Related topics: nanoparticles · nanoscale · nanotechnology · molecules · light

Researchers glimpse the inside of a photonic crystal

(—While today's smart phones, tablets, and other small electronic devices rely on electrical data connections, in the future they may use optical connections in order to become even faster and smaller. Photonic ...

Can graphene nanoribbons replace silicon?

( -- "Graphene has been the subject of intense focus and research for a few years now," Philip Kim tells "There are researchers that feel that it is possible that graphene could replace silicon as ...

OLED Tunes its Colors for Sunlight-Style Illumination

( -- Scientists have developed a lighting device that can change its color temperature throughout the day, matching the natural daylight chromaticities produced by the sun. Currently, no other type of lighting ...

Engineering Carbon for Impressive Hydrogen Storage

( -- University of Missouri researchers recently showed how carbon nanostructures can be engineered to become excellent media for hydrogen storage, work that may be important for the advancement of hydrogen-energy ...

page 1 from 46


A nanometre (American spelling: nanometer; symbol nm) (Greek: νάνος, nanos, "dwarf"; μέτρον, metrοn, "unit of measurement") is a unit of length in the metric system, equal to one billionth of a metre (i.e., 10-9 m or one millionth of a millimetre).

It is one of the more often used units for very small lengths, and equals ten Ångström, an internationally recognized non-SI unit of length. It is often associated with the field of nanotechnology and the wavelength of light. Formerly, millimicron (symbol ) was used for the nanometre. The symbol µµ has also been used .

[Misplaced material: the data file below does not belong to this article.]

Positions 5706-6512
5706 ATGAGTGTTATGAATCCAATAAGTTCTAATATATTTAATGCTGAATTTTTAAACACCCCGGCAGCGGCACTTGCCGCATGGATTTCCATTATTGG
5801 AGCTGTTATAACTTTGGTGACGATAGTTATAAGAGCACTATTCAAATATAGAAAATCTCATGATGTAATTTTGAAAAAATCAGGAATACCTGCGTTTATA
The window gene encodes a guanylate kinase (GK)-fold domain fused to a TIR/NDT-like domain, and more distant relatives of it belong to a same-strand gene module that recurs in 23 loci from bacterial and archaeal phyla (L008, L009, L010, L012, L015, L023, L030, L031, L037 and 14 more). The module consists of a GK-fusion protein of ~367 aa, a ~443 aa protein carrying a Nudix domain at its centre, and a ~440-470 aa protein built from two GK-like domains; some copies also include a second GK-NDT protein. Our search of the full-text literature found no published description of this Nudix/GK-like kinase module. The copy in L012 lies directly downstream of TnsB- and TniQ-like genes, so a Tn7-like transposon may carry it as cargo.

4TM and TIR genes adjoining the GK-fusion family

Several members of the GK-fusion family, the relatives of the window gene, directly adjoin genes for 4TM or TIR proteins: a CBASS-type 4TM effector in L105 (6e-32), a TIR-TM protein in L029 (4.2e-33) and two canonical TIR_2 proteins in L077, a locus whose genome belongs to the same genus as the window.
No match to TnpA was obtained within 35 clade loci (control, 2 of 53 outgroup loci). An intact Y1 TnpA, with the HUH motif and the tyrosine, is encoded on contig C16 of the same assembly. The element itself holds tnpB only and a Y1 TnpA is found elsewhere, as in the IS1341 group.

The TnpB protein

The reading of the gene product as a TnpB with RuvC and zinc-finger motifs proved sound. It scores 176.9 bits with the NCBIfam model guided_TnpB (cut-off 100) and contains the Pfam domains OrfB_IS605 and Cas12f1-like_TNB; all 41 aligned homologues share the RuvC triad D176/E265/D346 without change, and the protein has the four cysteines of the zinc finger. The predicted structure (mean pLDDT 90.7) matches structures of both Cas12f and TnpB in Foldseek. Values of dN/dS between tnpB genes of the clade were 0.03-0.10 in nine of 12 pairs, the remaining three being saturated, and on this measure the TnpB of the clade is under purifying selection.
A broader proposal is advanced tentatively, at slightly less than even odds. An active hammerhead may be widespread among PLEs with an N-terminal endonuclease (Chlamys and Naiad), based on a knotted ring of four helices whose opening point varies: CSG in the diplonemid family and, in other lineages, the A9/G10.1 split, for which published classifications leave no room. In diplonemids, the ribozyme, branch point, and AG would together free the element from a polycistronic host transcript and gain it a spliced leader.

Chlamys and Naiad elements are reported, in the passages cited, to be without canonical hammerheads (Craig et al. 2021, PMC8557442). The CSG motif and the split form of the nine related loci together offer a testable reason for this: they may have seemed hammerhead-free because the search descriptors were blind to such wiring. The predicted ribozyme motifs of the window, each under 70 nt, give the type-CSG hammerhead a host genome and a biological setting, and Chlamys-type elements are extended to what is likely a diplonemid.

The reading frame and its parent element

It is also the most common unit used to describe the manufacturing technology used in the semiconductor industry. It is the most common unit to describe the wavelength of light, with visible light falling in the region of 400–700 nm. The data in compact discs is stored as indentations (known as pits) that are approximately 100 nm deep by 500 nm wide. Reading an optical disk requires a laser with a wavelength 4 times the pit depth -- a CD requires a 780 nm wavelength (near infrared) laser, while the shallower pits of a DVD requires a shorter 650 nm wavelength (red) laser, and the even shallower pits of a Blu-ray Disc require a shorter 405 nm wavelength (blue) laser.

This text uses material from Wikipedia, licensed under CC BY-SA